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WASHINGTON — The House on Saturday passed a $95 billion package that includes two long-awaited bills with $60.8 billion of Ukraine aid and $26 billion in aid to Israel.

The Ukraine bill, which passed with 311 votes in favor, 112 votes against, and one present, will now head to the Senate alongside the Israel aid bill and two others — one with aid for Taiwan and another that forces TikTok’s parent company to sell the platform. 

Lawmakers were seen waving Ukrainian flags and cheering upon the Ukraine bill’s passage. There were 101 Republicans and 210 Democrats who voted in favor, while Rep. Dan Meuser, R-Pa., voted present. All 112 votes against it came from Republicans.

The Israel bill passed 366-58, with 193 Republicans and 173 Democrats voting in favor.

The passage of the bills comes weeks after the Senate passed a mammoth bill with aid for Ukraine, Israel and Taiwan, plus funding for border security. Speaker Mike Johnson refused to bring that bill to the floor, instead opting to pass three separate bills with aid for the three nations.

The Ukraine aid bill comes at a crucial time in the country’s war with Russia, as Ukrainian President Volodymyr Zelenskyy has expressed the urgent need for weapons and supplies to continue defending Ukraine from Russian attacks. 

President Joe Biden and Senate Minority Leader Mitch McConnell lauded the House for passing the foreign aid bills on Saturday, with Biden saying in a statement that a bipartisan group of lawmakers voted to “send a clear message about the power of American leadership on the world stage.”

“At this critical inflection point, they came together to answer history’s call, passing urgently-needed national security legislation that I have fought for months to secure,” he added.

In a separate statement, McConnell said, “Today’s action moves this critical national security supplemental one step closer to helping America and our friends to meet the most dangerous array of threats in a generation. From the battlefields of Ukraine to the cities and kibbutzes of Israel, and from the Red Sea to the South China Sea, our adversaries are colluding to violently undermine America, our allies, and our global interests.” 

The House also voted on Saturday to force TikTok’s parent company to sell it or be banned in the U.S. According to the bill, China-based ByteDance will have to sell TikTok within nine months — which the president could extend to a year — or face a nationwide ban. The policy, which lengthens the time frame for a sale from an earlier House bill, has Senate buy-in along with Biden’s support, putting TikTok closer than ever to a ban in the U.S.

The lower chamber also voted to provide $8.12 billion in aid to Taiwan.

The House voted on the four bills in succession, one day after a rare and extraordinary bipartisan coalition teed up the votes, with more Democrats (165) than Republicans (151) voting for the “rule” to proceed to the measures.

The three foreign aid bills will now go to the Senate for approval. Taken together, they include the $95 billion aid package championed by Biden, with some changes from the version passed by the Senate two months ago.

Speaker of the House Mike Johnson, R-La., at the Capitol on April 17, 2024.Aaron Schwartz / Sipa USA via AP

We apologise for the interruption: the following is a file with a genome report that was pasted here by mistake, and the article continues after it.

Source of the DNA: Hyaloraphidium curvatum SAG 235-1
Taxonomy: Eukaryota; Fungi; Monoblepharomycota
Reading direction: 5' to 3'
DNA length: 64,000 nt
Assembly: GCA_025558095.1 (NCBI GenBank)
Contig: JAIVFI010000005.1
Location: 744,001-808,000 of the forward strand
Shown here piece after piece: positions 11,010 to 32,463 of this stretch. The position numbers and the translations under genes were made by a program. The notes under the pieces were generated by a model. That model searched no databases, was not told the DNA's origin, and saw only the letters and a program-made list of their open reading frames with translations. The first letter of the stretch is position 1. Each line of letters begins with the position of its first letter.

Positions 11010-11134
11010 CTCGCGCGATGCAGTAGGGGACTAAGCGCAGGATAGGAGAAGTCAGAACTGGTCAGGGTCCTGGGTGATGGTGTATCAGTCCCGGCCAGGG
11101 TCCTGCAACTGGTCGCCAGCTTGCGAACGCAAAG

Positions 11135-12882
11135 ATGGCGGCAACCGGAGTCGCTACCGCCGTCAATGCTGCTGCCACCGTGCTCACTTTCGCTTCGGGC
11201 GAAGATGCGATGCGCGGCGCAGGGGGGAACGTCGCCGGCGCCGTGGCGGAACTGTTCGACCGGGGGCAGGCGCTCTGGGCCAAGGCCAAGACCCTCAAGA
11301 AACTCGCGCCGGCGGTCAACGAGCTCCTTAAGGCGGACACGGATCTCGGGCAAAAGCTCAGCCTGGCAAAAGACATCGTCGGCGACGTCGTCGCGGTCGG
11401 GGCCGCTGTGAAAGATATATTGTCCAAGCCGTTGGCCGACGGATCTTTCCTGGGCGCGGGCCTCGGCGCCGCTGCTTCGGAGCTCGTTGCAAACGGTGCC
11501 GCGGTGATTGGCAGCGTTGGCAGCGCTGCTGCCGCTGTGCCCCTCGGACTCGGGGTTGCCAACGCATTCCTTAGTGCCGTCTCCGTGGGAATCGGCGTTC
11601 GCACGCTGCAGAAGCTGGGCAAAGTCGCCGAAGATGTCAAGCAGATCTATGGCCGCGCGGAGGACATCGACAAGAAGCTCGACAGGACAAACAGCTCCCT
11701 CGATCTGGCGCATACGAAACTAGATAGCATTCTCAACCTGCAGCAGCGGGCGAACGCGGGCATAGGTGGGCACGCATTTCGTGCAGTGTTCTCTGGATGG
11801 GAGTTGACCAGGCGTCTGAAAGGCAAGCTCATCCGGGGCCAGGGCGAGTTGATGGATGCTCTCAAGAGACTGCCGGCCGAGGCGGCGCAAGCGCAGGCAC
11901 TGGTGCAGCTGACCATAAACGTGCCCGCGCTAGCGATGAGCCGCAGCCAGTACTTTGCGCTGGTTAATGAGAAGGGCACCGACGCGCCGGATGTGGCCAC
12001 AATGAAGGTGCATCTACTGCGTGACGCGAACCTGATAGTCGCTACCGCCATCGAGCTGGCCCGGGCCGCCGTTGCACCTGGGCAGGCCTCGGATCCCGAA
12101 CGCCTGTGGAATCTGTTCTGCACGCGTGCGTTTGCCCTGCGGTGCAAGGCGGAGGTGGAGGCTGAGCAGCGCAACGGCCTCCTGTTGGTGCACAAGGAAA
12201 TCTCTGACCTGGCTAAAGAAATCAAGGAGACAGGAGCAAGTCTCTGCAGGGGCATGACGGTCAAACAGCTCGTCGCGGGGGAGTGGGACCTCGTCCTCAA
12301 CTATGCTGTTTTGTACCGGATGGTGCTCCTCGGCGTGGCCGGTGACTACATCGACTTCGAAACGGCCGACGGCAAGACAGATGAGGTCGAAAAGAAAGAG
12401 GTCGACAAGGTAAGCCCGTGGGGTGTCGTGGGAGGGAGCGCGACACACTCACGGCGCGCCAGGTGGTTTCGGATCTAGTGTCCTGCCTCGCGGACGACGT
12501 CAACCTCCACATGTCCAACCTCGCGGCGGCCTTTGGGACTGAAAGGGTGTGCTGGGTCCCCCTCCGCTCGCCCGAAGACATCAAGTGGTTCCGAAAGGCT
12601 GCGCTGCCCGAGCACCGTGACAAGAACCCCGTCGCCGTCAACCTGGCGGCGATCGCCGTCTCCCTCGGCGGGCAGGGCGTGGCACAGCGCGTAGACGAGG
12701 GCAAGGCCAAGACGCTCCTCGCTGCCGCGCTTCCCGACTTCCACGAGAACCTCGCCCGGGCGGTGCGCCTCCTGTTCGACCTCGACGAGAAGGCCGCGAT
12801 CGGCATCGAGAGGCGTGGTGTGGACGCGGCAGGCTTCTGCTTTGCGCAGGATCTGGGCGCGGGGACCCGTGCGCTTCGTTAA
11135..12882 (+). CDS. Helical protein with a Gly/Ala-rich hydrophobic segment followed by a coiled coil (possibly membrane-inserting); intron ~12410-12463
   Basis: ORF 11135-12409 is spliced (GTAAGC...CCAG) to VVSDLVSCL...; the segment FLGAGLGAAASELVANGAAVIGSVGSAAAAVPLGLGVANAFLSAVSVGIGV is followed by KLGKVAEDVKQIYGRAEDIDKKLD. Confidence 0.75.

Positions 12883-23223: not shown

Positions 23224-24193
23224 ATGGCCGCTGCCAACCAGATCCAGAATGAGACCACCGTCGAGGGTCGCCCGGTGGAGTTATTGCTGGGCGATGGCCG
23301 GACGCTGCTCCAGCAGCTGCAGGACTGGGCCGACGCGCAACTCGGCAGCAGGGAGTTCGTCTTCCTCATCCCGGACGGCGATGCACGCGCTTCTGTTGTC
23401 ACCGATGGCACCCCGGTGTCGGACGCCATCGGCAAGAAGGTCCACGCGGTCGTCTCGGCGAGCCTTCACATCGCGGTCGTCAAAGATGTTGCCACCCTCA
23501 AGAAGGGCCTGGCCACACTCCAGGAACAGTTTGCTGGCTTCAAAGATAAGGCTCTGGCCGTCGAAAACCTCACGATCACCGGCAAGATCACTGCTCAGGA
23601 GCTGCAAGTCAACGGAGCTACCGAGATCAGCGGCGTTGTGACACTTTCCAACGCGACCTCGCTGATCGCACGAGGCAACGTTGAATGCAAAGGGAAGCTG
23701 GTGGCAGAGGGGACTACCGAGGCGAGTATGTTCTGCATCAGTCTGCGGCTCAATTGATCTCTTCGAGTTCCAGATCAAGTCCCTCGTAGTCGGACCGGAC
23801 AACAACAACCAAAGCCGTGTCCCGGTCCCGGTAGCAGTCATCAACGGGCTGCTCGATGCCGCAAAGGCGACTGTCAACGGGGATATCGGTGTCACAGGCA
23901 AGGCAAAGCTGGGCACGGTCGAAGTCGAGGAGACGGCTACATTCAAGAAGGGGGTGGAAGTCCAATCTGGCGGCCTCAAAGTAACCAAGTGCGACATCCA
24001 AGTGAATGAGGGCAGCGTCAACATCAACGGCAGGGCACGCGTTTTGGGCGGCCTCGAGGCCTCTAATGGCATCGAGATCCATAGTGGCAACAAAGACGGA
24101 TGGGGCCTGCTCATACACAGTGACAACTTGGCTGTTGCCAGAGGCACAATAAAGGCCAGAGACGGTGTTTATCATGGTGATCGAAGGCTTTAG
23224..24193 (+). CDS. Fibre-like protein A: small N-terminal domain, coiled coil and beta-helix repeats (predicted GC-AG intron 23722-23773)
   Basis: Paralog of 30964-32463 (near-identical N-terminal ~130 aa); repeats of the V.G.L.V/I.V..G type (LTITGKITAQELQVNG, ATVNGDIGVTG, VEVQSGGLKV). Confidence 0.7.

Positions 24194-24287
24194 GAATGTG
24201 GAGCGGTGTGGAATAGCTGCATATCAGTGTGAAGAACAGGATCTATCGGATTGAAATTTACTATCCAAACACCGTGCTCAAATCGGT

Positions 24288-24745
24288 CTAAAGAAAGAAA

Holding the votes represented an act of defiance by Speaker Mike Johnson, R-La., against an outspoken faction of conservative rebels who oppose Ukraine funding and pushed him not to bring it to a vote. Three of them — Reps. Marjorie Taylor Greene, R-Ga., Thomas Massie, R-Ky., and Paul Gosar, R-Ariz. — have threatened to oust him as speaker. The passage of the bill may bring Greene one step closer to forcing a vote to remove him.

After months of wavering, Johnson sided with Biden, Democrats and the Republicans who believe that helping Ukraine fend off Russian aggression is essential to U.S. national security interests, citing briefings he has received and warning: “Vladimir Putin would continue to march through Europe if he were allowed.”

“I would rather send bullets to Ukraine than American boys,” Johnson told reporters, noting that his son will enter the Naval Academy this year. “This is a live-fire exercise for me as it is for so many American families. This is not a game, this is not a joke.”

Ahead of the vote, former President Donald Trump issued a confusing statement that sympathized with both the pro- and anti-Ukraine aid factions of the GOP without taking a clear position.

The bills are expected to be packaged together and sent to the Senate, which will have to vote on the whole legislation to send it to Biden’s desk to sign into law. It’s unclear when that will happen, but Senate Majority Leader Chuck Schumer, D-N.Y., and McConnell are outspoken proponents of the foreign aid provisions in the package.

“I hope that President Biden will soon have on his desk long-awaited funding to support our friends in Ukraine and Israel and the Indo-Pacific, and aid for innocent civilians in need of humanitarian aid in Gaza and around the world,” Schumer said before the House vote, cautioning that Ukraine’s hopes against Russia would diminish without additional U.S. weapons to defend themselves.

Late Friday, Schumer said the Senate was working to get unanimous agreement to move quickly to vote on the foreign aid legislation. “We are working on an agreement for consideration of the supplemental,” he said on the Senate floor.

McConnell said earlier this week: “Here’s the political reality: If you think the fall of Afghanistan was bad, the fall of a European capital like Kyiv to Russian troops will be unimaginably worse, and if stalled American assistance makes that outcome possible, there’s no question where the blame will land, on us.”

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